var location = Path.GetFullPath(Path.Join(root, @"../../../", generatedLocation));

Console.WriteLine($"Generating {location}...");

var code = generateCode(document);

System.IO.File.WriteAllText(location, code);
}

private static async Task<OpenApiDocument> GetDocumentFromFile(string swaggerJsonFilePath) {
var root = Path.GetDirectoryName(Assembly.GetEntryAssembly().Location);
var swaggerJson = await File.ReadAllTextAsync(Path.GetFullPath(Path.Join(root, swaggerJsonFilePath)));
var document = await OpenApiDocument.FromJsonAsync(swaggerJson);

return document;
}
}
}

If we perform a dotnet run we now pump out a GeneratedClient.cs file which is a C# client library for the pet store. Fabulous.

So far so dandy. We're taking an Open API json file and generating a C# client library from it.

When properties collide

It's time to break things. We're presently generating a Pet class that looks like this:

[System.CodeDom.Compiler.GeneratedCode("NJsonSchema", "10.5.2.0 (Newtonsoft.Json v13.0.0.0)")]
public partial class Pet : NewPet
{
[Newtonsoft.Json.JsonProperty("id", Required = Newtonsoft.Json.Required.Always)]
public long Id { get; set; }
}

We're going to take our Pet definition in the petstore-simple.json file, and add a new @id property alongside the id property:

"Pet": {
"type": "object",
"allOf": [
{
"$ref": "#/definitions/NewPet"
},
{
"required": [
"id"
],
"properties": {
"id": {
"type": "integer",
"format": "int64"
},
"@id": {
"type": "integer",
"format": "int64"
}
}
}
]
},

For why? Whilst this may seem esoteric, this is a scenario that can present. It's not unknown to encounter properties which are identical, save for an @ prefix. This is often the case for meta-properties.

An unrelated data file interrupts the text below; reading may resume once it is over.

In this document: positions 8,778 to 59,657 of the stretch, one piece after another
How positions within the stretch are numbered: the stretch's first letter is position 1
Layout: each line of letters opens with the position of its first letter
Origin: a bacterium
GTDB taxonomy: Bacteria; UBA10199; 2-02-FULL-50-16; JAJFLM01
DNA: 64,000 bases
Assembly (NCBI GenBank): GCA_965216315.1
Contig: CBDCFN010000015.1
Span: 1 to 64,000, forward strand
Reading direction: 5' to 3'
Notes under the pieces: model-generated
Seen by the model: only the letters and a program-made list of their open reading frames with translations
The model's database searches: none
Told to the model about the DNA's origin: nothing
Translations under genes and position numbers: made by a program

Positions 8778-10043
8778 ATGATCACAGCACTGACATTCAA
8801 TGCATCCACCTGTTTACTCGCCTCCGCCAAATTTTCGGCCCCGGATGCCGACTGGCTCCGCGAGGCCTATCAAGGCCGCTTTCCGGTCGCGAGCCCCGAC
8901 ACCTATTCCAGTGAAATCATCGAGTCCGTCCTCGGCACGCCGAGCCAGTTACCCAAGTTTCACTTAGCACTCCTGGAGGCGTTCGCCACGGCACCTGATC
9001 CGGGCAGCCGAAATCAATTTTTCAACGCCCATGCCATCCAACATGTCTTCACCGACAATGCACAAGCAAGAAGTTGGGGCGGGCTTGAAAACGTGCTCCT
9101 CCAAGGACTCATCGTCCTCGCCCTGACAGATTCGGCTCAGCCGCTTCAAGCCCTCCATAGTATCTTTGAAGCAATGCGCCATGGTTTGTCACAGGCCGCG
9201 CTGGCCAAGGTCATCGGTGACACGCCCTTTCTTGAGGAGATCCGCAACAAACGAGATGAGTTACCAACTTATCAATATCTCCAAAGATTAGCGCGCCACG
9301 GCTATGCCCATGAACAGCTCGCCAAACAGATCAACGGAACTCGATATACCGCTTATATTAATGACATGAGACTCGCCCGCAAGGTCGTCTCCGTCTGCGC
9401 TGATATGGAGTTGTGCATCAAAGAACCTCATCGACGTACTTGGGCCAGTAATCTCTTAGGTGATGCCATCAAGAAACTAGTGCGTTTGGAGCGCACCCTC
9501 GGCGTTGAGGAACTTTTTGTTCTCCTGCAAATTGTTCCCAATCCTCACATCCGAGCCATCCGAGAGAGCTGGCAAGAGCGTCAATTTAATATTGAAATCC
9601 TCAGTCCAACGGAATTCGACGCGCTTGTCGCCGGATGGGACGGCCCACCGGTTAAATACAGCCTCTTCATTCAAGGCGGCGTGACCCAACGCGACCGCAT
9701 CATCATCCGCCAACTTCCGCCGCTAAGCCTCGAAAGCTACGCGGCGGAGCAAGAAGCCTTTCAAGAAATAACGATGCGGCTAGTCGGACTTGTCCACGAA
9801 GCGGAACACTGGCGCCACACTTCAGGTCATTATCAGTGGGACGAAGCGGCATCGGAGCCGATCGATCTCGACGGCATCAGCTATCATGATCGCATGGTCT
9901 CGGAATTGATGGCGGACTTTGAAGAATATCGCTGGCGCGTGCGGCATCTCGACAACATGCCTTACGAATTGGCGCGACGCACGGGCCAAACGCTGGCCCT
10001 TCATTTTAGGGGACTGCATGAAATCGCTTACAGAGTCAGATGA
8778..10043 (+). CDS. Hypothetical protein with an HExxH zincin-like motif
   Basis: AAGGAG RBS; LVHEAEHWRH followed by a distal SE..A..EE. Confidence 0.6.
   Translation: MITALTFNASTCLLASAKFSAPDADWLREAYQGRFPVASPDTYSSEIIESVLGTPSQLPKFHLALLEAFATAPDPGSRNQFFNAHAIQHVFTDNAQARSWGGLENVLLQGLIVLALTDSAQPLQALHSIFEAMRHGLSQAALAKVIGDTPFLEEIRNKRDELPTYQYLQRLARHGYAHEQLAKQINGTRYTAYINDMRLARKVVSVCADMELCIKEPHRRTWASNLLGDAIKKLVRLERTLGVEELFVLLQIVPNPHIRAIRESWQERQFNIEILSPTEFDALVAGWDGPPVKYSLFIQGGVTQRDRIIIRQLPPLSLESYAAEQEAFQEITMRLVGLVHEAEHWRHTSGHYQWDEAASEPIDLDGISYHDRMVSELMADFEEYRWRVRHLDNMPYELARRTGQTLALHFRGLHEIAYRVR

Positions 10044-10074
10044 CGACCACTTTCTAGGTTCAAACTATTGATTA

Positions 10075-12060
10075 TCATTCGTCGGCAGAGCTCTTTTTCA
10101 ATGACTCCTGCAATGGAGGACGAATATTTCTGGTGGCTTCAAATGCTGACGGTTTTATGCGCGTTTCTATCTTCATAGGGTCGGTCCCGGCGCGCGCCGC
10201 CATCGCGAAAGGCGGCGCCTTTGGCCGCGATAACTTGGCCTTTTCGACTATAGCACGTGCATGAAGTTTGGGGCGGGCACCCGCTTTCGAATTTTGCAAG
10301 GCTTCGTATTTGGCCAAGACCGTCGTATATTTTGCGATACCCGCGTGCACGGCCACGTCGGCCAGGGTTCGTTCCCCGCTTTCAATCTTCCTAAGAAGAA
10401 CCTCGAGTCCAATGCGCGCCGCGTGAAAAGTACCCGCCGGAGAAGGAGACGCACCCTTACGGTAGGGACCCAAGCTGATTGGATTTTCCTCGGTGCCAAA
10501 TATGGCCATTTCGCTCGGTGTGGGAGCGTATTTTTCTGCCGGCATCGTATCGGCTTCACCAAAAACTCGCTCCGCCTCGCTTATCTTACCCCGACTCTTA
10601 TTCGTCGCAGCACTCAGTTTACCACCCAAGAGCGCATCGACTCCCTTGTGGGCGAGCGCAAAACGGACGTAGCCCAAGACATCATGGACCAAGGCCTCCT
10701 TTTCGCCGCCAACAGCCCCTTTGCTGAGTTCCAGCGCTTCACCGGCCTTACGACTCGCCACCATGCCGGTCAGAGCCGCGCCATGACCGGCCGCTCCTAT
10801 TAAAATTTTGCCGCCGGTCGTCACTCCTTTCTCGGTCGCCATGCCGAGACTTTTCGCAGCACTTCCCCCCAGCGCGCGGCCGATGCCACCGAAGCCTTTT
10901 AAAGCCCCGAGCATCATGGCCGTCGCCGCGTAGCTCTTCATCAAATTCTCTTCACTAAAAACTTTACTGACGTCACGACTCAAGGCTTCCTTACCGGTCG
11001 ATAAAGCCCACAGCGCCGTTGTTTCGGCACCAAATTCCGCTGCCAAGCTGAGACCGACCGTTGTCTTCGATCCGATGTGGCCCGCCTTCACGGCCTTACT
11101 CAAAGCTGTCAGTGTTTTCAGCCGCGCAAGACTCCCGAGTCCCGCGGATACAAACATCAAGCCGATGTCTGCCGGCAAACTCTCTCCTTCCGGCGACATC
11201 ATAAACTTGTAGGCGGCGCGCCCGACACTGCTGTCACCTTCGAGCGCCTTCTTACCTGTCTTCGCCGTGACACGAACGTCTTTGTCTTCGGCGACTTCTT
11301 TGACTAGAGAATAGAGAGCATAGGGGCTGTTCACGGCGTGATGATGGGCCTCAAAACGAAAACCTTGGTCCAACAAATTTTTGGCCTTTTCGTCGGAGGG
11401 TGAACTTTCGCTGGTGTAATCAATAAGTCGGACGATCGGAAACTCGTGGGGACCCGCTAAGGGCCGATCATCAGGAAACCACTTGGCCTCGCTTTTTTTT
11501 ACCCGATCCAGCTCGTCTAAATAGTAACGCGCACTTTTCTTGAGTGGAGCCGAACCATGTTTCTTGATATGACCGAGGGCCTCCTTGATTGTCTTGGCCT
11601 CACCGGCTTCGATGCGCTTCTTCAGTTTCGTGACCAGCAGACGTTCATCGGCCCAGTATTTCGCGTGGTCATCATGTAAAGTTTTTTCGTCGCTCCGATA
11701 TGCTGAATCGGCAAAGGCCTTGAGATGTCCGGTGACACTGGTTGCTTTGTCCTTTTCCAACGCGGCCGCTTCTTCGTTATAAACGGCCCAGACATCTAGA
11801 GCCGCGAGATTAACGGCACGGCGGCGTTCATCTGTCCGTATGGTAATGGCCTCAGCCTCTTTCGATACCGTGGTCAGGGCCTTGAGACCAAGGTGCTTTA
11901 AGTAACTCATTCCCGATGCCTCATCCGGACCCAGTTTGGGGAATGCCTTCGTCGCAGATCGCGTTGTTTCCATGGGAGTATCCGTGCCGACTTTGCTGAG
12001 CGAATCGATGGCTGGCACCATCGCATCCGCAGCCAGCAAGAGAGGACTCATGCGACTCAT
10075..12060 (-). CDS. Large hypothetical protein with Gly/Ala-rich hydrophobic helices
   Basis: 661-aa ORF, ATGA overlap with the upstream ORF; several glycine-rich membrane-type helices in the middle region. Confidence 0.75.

What do we get if we run our generator over that?

[System.CodeDom.Compiler.GeneratedCode("NJsonSchema", "10.5.2.0 (Newtonsoft.Json v13.0.0.0)")]
public partial class Pet : NewPet
{
[Newtonsoft.Json.JsonProperty("id", Required = Newtonsoft.Json.Required.Always)]
public long Id { get; set; }

[Newtonsoft.Json.JsonProperty("@id", Required = Newtonsoft.Json.Required.Always)]
public long Id { get; set; }
}

We get code that doesn't compile. You can't have two properties in a C# class with the same name. You also cannot have @ as a character in a C# property or variable name. To quote the docs:

The @ special character serves as a verbatim identifier.

It so happens that, by default, NSwag purges @ characters from property names. If there isn't another property which is named the same save for an @ prefix, this is a fine strategy. If there is, as for us now, you're toast.

There's a workaround. We'll create a new HandleAtCSharpPropertyNameGenerator class:

/// <summary>
/// Replace characters which will not comply with C# syntax with something that will
/// </summary>